The Marcotte case, a Quebec class action against
several financial institutions in relation to allegedly undisclosed
currency conversion fees, was the subject of recent reasons by the
Supreme Court of Canada. Our blog on that case is available
HERE. Marcotte is not alone: financial
institutions and the fees they charge, particularly where it may be
alleged that such fees have not been adequately disclosed, remain
big business for class actions plaintiffs.
In the recently released decision of Sandhu v. HSBC Finance
Mortgages Inc. et al (reasons available HERE), the British Columbia Supreme Court has
certified an action seeking damages or restitution from HSBC
Finance Mortgages Inc. and the Household Trust Company in relation
to title insurance fees.
The plaintiffs allege that when borrowers enter into a mortgage
commitment with the HSBC defendant, they authorize a variety of
fees relating to title insurance, variously described as a
"Premium", the "Policy Insurance Cost" and
"Additional Charges". The plaintiffs allege that
some of these fees are actually for undisclosed legal fees and
legal costs of the defendants.
The plaintiffs further allege that the provider of title
insurance charged a set premium for title insurance as well as a
set amount for legal fees, which amounts were not disclosed to the
borrowers; and that the defendants required the borrowers obtain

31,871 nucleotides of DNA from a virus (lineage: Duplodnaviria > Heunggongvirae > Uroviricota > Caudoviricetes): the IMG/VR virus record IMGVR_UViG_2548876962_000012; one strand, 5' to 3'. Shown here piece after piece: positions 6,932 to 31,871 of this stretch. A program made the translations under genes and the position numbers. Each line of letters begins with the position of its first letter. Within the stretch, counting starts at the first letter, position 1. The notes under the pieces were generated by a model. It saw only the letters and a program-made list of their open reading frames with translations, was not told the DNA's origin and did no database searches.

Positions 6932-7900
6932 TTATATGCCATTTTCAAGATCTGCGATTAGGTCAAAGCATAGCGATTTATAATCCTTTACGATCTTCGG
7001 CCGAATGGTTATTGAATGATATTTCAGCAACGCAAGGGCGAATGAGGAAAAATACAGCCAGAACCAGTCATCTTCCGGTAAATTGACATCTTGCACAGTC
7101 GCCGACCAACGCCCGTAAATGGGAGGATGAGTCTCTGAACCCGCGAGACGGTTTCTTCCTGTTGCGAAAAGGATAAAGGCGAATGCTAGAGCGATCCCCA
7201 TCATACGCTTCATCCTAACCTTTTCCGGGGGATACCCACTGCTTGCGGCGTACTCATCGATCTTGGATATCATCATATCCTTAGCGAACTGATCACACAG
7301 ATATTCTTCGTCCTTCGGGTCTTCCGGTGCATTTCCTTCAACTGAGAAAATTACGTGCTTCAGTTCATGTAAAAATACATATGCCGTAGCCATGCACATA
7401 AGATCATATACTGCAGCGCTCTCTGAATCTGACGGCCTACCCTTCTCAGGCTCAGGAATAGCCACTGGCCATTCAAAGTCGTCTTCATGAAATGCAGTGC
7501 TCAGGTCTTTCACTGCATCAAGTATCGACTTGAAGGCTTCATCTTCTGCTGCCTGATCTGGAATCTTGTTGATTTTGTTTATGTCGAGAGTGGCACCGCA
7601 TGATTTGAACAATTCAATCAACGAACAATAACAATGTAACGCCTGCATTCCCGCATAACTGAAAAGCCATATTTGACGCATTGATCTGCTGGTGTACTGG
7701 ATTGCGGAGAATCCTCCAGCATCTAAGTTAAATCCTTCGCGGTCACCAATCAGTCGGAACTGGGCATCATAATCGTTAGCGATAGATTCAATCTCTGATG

title insurance to obtain a residential mortgage. As a
result, the plaintiffs seek damages or restitution for breach of
contract, negligence and breaches of consumer protection
legislation, the Competition Act, the Financial Institutions Act,
the Trust and Loan Companies Act and the Mortgage Brokers Act.
In its reasons, the court noted that borrowers are able to make
other arrangements to provide the assurances regarding title as
required by the HSBC defendant, and that borrowers did sign an
acknowledgement that they were recommended to obtain independent
legal advice before signing the mortgage and that they could retain
a lawyer to act for them at any stage of the transaction.
Nonetheless, the court found that the procedural test for
certification was made out.
Despite recent good news on certification for B.C. class action
defendants, the weight of the authorities remains in favour of
certification. This appears particularly the case where
allegations of failure to disclose are made.
It's not often that our little blog intersects with such titanic struggles as the U.S. presidential race – and by using the term "titanic" I certainly don't mean to suggest that anything disastrous is in the future.
J.J. v. C.C., is an interesting case in which the court held that an automotive garage owes a duty to minor children to secure the vehicles on the premises by locking the cars and safely storing the car keys...
In Irwin v. Alberta Veterinary Medical Association, 2015 ABCA 396, the Alberta Court of Appeal found that the "ABVMA" failed to afford procedural fairness to a veterinarian undergoing an incapacity assessment.
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